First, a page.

Written on 08/27/2014, 11:12 am by TERESA M. WALKER, AP Pro Football Writer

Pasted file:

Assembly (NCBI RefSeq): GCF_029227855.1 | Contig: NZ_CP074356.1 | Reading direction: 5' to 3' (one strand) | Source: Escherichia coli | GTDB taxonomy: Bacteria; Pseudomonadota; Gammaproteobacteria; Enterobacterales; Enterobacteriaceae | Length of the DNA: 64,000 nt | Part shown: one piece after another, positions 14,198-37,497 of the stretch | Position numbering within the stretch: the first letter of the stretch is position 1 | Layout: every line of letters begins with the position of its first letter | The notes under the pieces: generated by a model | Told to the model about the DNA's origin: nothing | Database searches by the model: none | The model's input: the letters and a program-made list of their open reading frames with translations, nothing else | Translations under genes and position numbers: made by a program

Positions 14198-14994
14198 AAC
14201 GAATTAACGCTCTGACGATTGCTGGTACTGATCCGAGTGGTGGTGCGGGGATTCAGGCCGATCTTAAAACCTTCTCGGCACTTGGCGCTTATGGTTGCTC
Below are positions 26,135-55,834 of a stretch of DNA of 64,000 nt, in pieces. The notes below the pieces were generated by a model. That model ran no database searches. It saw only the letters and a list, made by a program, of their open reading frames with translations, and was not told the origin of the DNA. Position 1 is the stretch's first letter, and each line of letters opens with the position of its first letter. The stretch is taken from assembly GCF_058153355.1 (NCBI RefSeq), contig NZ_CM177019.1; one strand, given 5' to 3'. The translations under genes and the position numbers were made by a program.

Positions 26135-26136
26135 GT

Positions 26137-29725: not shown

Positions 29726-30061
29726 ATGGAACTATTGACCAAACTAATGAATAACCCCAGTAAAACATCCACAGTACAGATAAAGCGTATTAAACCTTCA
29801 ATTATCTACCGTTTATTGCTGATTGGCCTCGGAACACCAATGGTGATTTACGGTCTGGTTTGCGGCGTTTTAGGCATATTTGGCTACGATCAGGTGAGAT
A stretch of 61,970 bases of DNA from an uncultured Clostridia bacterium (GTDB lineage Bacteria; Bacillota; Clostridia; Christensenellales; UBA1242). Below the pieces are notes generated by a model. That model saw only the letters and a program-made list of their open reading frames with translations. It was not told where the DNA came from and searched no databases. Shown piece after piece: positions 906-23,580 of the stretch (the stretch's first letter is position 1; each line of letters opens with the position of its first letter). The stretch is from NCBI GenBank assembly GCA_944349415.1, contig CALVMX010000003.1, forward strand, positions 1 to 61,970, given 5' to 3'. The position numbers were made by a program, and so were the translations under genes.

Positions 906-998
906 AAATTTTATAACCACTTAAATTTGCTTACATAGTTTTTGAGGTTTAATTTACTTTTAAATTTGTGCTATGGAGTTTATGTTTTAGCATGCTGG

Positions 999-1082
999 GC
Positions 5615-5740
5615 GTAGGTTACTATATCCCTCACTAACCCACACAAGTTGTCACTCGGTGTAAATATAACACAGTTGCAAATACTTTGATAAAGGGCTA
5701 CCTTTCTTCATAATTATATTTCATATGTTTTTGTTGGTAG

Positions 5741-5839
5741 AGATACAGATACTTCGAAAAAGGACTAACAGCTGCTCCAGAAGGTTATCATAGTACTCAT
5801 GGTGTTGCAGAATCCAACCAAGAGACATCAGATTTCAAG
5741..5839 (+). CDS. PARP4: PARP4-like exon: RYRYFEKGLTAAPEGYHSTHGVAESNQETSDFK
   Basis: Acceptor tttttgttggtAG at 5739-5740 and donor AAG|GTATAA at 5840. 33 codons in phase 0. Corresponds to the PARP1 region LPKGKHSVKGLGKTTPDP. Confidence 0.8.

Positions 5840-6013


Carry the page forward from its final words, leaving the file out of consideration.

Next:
(AP) — Ravens running back Ray Rice is sitting out two games for domestic violence. A positive marijuana test triggered a yearlong ban for Browns wide receiver Josh Gordon, costing him the 2014 season. Critics of the NFL's arbitrary policy toward domestic violence point to the contrast between the punishments and say it's time for the league to crack down on players who hurt women. Three members of Congress wrote NFL Commissioner Roger Goodell asking him to reconsider Rice's suspension, the governor of Maine says he'll boycott the league, and numerous groups that advocate for women and families condemned the penalty as too lenient. League officials may soon take action on the matter. A person familiar with the NFL's plans says the league is looking into increasing punishments for players involved in domestic violence. The person spoke to The Associated Press on condition of anonymity because no announcement had been made on such a decision. "The first time with marijuana is different from the first time you are knocking your wife unconscious," said Judy Harris Kluger, executive director of Sanctuary for Families and a former judge in New York City. "It's not what they did was such a small sort of slap on the wrist. Punishment to me, they should have suspended for a season at least and let him appeal. At least you send a message that this is not tolerated, that this matters." Rice's suspension begins Saturday, a punishment handed down after grainy video showed him dragging his then-fiancee off a casino elevator unconscious Feb. 15. He has not divulged what happened in the elevator except to call his actions "totally inexcusable." His assault charges could be expunged once he completes a diversion program. So the NFL gave him the only punishment he likely faces in a suspension and a fine that totals more than $500,000. "My daughter is 2 years old now. One day she's going to know the power of Google. Me having to explain that to her, what happened that night, that's something I have to live with the rest of my life," Rice said at training camp. By comparison, Washington safety Brandon Meriweather was handed a two-game suspension for a hit during an exhibition game for a sixth violation of player safety rules. Broncos kicker Matt Prater has been suspended four games for violating terms of the league's alcohol program as a repeat offender. Gordon was suspended for two games last season, and his appeal of his one-year ban for violating the substance abuse policy at least a third time was rejected Wednesday. The NFL has guidelines bargained with the NFL Players Association setting out penalties for using illegal and performance-enhancing drugs. Domestic violence, covered under personal conduct, has been left to the discretion of the commissioner. The NFL's personal code of conduct makes it clear that domestic violence will not be tolerated, Kluger says. But she says the league didn't follow that code in punishing Rice. "It boggles the mind that they did not act in a way that ... sent a message that this is more serious," said Kluger, who helped oversee New York putting in courts that deal specifically with domestic violence. This is not a new issue for the NFL. Since January 2000, 77 players have been involved in 85 domestic violence incidents with six being cut by their teams, according to USA Today's NFL Arrests Database. The NFL suspended six players for one game each, and Rice now is the second player to be suspended for two games. Goodell has defended the Rice suspension, saying the league can't just "make up the discipline" and needs to be consistent. He also said Rice took responsibility and had not been in trouble before. U.S. Senators Richard Blumenthal and Chris Murphy of Connecticut and Tammy Baldwin of Wisconsin sent a letter to Goodell and Ravens general manager Ozzie Newsome decrying Rice's punishment and suggesting the Ravens also discipline the running back. "The decision to suspend Mr. Rice for a mere two games sends the inescapable message that the NFL does not take domestic or intimate-partner violence with the seriousness they deserve," the letter said. The NFL has yet to punish Carolina Pro Bowl defensive end Greg Hardy, who is awaiting a jury trial on his conviction for attacking his ex-girlfriend in his apartment in May. A judge gave him a 60-day suspended jail sentence and 18 months' probation, which he is appealing. What the NFL does next is being watched closely, according to a consultant who helps train police, lawyers and judges on domestic violence. "I hope they reflect and self-assess themselves and come out and say, 'We want to be the national standard for how we feel about violence against women,'" said Mark Wynn, a former Nashville police lieutenant working to prevent violence against women for 30 years. Goodell emphasized Rice's punishment was for a first offense. Wynn says a crisis line director told him victims don't usually call for help until the fifth incident. "The stronger voice of the NFL about this that we have no tolerance for violence against women, no tolerance of coercion, no tolerance of objectifying women, that to me would be a real pivotal moment for professional sports where they say enough is enough," Wynn said. ___AP Pro Football Writer Howard Fendrich and News Researcher Judith Asubel contributed to this report.